- V(la·di·mir) I(l·yich) [vlad–uh-meer il-yich; Russian vluh-dyee-myir ee-lyeech] /ˈvlæd əˌmɪər ˈɪl yɪtʃ; Russian vlʌˈdyi myɪr iˈlyitʃ/, Vladimir Ilyich UlyanovN. Lenin, 1870–1924, Russian revolutionary leader: Soviet premier 1918–24.
- Vladimir Ilyich (vlaˈdimir iljˈjitʃ), original surname Ulyanov. 1870–1924, Russian statesman and Marxist theoretician; first premier of the Soviet Union. He formed the Bolsheviks (1903) and led them in the October Revolution (1917), which established the Soviet Government. He adopted the New Economic Policy (1921) after the Civil War had led to the virtual collapse of the Russian economy, formed the Comintern (1919), and was the originator of the guiding doctrine of the Soviet Union, Marxism-Leninism. After the Soviet Union broke up in 1991, many statues of Lenin were demolished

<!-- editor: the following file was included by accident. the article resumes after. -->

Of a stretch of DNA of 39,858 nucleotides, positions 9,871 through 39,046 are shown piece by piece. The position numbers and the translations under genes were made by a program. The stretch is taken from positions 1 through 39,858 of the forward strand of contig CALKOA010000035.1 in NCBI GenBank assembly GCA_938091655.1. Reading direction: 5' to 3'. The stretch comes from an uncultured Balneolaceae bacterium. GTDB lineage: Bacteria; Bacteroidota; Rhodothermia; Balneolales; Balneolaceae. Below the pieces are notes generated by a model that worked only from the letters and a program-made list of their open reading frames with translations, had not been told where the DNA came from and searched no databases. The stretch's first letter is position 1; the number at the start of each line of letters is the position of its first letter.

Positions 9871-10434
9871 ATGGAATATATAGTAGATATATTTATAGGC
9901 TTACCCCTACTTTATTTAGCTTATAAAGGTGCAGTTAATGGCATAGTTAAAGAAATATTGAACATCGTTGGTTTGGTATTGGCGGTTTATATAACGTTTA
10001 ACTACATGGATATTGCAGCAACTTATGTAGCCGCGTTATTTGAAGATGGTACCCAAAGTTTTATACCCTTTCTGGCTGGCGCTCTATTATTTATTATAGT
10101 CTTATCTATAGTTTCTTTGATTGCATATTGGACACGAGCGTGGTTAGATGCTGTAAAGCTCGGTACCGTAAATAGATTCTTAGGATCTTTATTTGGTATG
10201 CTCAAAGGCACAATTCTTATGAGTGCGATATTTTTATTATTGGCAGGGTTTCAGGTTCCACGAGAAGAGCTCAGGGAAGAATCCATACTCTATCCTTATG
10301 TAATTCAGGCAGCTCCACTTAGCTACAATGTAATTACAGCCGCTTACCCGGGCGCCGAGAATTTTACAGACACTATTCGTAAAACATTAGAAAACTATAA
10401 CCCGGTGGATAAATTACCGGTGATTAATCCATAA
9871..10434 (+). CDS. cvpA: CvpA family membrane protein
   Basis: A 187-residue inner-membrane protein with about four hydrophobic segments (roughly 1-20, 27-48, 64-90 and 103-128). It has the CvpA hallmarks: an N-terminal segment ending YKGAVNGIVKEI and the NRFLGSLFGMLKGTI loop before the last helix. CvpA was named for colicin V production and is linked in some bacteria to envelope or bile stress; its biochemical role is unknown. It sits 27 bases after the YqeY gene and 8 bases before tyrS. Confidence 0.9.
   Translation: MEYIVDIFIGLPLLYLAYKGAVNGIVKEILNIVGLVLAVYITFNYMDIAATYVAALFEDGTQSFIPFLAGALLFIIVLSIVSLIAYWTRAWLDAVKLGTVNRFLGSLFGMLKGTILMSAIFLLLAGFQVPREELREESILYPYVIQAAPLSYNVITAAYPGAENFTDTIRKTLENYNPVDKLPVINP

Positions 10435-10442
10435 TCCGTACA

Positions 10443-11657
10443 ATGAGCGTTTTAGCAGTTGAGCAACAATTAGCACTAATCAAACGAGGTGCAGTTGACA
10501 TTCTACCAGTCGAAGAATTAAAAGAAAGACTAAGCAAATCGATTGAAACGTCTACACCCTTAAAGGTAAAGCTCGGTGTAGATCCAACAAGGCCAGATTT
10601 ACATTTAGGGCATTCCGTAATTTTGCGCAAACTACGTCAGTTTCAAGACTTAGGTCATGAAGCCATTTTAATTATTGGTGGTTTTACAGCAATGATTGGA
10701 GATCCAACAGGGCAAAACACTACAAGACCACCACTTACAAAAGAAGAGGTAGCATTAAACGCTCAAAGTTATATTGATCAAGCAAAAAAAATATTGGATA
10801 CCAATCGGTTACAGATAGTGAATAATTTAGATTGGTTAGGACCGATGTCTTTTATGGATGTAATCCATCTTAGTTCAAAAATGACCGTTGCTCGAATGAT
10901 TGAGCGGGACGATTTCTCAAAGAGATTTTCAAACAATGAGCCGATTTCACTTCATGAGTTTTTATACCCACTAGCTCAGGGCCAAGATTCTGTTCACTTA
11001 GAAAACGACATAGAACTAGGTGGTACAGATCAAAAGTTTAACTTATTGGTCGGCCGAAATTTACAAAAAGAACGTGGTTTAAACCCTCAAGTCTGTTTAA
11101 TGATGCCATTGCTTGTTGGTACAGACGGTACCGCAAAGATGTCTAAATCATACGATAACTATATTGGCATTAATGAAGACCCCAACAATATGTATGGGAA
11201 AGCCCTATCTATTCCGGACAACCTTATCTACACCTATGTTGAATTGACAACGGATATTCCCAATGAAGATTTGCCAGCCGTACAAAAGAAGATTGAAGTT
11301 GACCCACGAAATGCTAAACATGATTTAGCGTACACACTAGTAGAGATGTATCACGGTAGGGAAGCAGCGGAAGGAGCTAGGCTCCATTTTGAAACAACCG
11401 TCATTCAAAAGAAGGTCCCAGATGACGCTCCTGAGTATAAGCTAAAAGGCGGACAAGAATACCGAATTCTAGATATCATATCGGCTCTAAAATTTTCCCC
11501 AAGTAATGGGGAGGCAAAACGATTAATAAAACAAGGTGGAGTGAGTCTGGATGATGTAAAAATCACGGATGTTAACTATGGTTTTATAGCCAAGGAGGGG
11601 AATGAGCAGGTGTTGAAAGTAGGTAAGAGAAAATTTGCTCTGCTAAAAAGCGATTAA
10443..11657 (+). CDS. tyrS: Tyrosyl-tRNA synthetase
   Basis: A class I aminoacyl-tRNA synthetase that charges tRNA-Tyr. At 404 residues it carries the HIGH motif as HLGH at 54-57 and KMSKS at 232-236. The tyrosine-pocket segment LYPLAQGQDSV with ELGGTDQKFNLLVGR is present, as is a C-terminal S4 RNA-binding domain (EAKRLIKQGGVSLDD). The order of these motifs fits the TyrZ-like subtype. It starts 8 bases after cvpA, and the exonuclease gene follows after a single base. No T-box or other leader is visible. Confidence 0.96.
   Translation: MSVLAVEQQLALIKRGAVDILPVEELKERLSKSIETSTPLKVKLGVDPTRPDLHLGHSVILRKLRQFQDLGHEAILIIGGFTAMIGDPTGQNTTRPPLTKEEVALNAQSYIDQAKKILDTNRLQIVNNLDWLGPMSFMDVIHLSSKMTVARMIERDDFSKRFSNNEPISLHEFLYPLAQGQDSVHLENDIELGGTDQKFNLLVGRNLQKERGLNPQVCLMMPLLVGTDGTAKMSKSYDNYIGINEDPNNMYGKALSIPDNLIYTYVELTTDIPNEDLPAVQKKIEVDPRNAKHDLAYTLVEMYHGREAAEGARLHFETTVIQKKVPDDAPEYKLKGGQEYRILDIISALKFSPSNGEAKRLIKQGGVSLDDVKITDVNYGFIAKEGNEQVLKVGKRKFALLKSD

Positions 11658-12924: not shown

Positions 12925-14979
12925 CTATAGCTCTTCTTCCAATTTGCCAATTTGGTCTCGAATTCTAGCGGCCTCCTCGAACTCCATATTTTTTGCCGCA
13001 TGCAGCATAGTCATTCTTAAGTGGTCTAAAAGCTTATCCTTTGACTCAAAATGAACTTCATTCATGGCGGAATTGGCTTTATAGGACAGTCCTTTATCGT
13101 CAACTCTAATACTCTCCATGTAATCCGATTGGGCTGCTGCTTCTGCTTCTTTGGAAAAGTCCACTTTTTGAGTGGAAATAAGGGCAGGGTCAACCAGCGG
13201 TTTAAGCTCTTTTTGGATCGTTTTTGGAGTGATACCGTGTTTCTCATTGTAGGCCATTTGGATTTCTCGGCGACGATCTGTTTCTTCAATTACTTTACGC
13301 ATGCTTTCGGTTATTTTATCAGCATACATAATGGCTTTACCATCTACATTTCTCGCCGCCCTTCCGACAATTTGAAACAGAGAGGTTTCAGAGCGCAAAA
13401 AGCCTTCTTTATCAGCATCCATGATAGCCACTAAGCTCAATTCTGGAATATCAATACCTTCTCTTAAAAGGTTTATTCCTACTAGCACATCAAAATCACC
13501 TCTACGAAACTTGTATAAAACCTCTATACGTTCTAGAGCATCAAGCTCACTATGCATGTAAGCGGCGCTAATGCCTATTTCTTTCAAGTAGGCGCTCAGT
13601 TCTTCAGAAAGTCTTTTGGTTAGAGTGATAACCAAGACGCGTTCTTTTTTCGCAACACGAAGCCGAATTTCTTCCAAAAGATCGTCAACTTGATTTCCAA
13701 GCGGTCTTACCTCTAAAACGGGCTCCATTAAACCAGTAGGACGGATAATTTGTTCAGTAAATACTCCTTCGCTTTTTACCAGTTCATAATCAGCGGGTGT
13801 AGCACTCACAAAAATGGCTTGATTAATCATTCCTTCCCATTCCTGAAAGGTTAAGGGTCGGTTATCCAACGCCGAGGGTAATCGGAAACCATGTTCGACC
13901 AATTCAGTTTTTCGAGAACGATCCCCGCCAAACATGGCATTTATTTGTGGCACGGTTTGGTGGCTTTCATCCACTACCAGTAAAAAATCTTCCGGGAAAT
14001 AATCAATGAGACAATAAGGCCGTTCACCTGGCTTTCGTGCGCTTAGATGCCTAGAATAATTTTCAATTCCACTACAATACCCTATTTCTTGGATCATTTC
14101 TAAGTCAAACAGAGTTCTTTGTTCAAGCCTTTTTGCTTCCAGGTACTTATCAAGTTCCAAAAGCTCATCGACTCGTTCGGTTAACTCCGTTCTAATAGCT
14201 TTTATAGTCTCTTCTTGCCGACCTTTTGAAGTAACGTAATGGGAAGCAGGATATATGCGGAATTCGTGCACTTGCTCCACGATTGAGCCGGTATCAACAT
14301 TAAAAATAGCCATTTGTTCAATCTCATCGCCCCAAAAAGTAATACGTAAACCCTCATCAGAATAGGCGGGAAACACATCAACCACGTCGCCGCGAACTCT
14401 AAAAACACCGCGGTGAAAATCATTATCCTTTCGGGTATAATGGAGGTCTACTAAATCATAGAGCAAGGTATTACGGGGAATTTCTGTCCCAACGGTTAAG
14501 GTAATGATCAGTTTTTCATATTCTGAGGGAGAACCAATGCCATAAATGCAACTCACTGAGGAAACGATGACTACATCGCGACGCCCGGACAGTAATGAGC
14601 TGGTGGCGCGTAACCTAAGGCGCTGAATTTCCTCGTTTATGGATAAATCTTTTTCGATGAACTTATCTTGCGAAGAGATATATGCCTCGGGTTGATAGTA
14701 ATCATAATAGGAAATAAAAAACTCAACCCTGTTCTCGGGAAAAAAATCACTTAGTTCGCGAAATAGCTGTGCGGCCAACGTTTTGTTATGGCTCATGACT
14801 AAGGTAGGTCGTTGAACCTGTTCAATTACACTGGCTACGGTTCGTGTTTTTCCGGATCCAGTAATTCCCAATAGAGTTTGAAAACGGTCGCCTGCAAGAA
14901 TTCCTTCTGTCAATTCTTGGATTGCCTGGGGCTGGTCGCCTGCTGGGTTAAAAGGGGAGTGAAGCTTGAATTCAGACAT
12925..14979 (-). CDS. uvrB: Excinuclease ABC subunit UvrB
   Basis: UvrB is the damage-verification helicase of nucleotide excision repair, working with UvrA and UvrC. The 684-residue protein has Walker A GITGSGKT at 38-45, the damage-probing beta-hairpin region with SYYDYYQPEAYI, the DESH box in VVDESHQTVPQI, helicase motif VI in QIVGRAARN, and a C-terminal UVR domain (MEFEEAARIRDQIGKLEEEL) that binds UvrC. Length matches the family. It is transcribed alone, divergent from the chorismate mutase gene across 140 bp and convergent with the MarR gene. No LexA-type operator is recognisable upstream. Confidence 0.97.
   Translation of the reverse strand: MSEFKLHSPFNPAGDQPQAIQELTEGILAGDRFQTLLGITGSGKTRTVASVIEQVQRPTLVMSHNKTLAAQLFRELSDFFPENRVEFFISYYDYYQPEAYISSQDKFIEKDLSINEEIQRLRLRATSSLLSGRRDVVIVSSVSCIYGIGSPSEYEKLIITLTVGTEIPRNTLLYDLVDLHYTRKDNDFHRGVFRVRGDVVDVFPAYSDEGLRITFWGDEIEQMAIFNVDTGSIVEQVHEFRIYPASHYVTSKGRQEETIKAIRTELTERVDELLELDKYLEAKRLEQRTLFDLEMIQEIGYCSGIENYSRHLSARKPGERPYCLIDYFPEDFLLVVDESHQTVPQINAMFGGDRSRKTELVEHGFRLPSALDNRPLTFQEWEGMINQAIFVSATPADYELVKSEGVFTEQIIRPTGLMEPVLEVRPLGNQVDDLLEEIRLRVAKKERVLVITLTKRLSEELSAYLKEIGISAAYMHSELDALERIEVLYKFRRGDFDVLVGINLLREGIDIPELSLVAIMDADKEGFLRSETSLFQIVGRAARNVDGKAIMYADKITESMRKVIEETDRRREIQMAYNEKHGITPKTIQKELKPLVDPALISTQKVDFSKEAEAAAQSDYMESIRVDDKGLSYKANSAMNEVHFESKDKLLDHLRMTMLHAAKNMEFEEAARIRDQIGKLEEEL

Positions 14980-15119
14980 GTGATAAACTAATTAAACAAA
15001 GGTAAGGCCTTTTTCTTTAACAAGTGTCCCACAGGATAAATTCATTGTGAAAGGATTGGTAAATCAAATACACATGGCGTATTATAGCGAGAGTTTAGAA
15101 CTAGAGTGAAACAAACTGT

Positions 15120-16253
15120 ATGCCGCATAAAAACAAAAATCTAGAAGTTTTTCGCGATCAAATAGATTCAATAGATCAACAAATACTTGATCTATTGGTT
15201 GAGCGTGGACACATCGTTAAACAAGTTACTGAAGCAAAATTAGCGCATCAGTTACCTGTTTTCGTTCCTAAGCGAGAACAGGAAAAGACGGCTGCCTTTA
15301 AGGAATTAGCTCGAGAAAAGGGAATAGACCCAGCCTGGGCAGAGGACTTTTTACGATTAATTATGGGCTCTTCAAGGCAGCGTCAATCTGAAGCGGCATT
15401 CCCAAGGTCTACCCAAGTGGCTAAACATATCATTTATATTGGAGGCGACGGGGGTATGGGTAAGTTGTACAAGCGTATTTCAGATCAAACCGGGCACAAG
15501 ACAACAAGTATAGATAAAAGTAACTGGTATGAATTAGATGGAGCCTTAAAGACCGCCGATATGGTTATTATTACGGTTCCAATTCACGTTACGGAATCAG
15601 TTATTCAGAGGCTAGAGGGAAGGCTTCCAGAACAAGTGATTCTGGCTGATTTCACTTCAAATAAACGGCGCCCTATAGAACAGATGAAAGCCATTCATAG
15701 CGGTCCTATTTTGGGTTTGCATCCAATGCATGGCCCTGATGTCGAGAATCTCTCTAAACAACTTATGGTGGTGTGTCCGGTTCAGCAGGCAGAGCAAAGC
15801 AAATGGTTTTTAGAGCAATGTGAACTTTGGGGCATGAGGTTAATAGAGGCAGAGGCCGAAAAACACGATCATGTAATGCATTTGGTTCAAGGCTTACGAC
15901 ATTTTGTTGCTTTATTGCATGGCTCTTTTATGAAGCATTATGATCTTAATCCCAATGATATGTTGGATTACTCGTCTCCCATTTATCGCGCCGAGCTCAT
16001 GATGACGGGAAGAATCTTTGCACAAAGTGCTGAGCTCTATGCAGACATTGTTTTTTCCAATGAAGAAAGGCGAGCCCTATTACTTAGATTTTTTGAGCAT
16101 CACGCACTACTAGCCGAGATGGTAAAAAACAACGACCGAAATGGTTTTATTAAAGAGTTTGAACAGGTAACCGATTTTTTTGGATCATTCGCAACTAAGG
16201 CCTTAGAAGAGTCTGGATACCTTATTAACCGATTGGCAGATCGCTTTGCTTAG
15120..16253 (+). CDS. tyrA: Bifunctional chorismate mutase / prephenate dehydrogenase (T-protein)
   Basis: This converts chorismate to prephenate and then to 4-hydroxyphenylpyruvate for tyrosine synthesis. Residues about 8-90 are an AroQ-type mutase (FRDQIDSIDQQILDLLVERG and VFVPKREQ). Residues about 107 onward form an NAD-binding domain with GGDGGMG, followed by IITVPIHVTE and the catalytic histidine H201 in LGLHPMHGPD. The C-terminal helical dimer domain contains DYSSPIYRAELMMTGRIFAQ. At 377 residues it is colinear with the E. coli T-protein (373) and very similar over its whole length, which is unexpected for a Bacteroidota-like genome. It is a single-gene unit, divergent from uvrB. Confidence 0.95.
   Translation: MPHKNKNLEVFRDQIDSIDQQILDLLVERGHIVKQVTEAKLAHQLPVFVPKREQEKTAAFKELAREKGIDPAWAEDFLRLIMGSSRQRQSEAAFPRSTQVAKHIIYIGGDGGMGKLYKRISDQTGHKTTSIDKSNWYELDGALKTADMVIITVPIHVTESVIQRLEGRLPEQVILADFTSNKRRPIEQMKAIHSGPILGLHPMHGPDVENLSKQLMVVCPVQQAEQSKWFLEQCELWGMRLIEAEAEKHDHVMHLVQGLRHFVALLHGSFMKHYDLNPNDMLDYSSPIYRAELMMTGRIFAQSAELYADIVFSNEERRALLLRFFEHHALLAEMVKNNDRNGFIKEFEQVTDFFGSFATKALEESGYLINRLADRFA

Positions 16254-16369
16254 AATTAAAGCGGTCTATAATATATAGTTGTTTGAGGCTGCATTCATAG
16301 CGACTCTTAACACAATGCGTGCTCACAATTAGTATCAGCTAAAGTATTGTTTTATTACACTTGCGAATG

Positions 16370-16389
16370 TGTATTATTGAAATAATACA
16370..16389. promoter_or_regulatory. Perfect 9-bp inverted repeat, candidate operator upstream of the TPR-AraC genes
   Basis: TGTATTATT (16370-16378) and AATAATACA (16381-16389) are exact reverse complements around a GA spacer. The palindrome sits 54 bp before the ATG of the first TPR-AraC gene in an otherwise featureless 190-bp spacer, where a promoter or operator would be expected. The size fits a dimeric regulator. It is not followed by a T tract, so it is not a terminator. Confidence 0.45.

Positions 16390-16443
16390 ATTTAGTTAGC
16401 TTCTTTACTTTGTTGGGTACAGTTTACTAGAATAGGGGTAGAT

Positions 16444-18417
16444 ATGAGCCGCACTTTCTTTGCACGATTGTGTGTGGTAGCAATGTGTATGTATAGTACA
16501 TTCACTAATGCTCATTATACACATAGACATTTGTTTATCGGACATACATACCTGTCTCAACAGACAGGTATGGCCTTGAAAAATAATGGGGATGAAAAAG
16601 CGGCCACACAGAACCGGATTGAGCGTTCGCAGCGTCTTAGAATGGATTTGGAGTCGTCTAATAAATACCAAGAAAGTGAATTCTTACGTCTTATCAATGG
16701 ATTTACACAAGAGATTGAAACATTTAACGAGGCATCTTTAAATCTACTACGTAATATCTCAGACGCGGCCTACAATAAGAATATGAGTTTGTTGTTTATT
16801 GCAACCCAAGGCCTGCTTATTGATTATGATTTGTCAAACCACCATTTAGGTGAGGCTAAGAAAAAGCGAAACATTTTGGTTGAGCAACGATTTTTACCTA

pseudonym or alias chosen c.1902 (for publishing clandestine political works in exile) by Russian revolutionary Vladimir Il’ich Ulyanov (1870-1924). Related: Leninist (1917); Leninism (1918). A Russian revolutionary leader of the early twentieth century, highly honored in the former Soviet Union as the founder of the modern Soviet state. Lenin, a founder of the Bolshevik party, contributed much to the success of the Russian Revolution of 1917. Lenin held that a dedicated group of intellectuals had to spearhead the revolution. He became chief of government of the Soviet Union after the revolution and served until his death in 1924. Joseph Stalin succeeded him. Lenin’s real name was Vladimir Ilyich Ulyanov.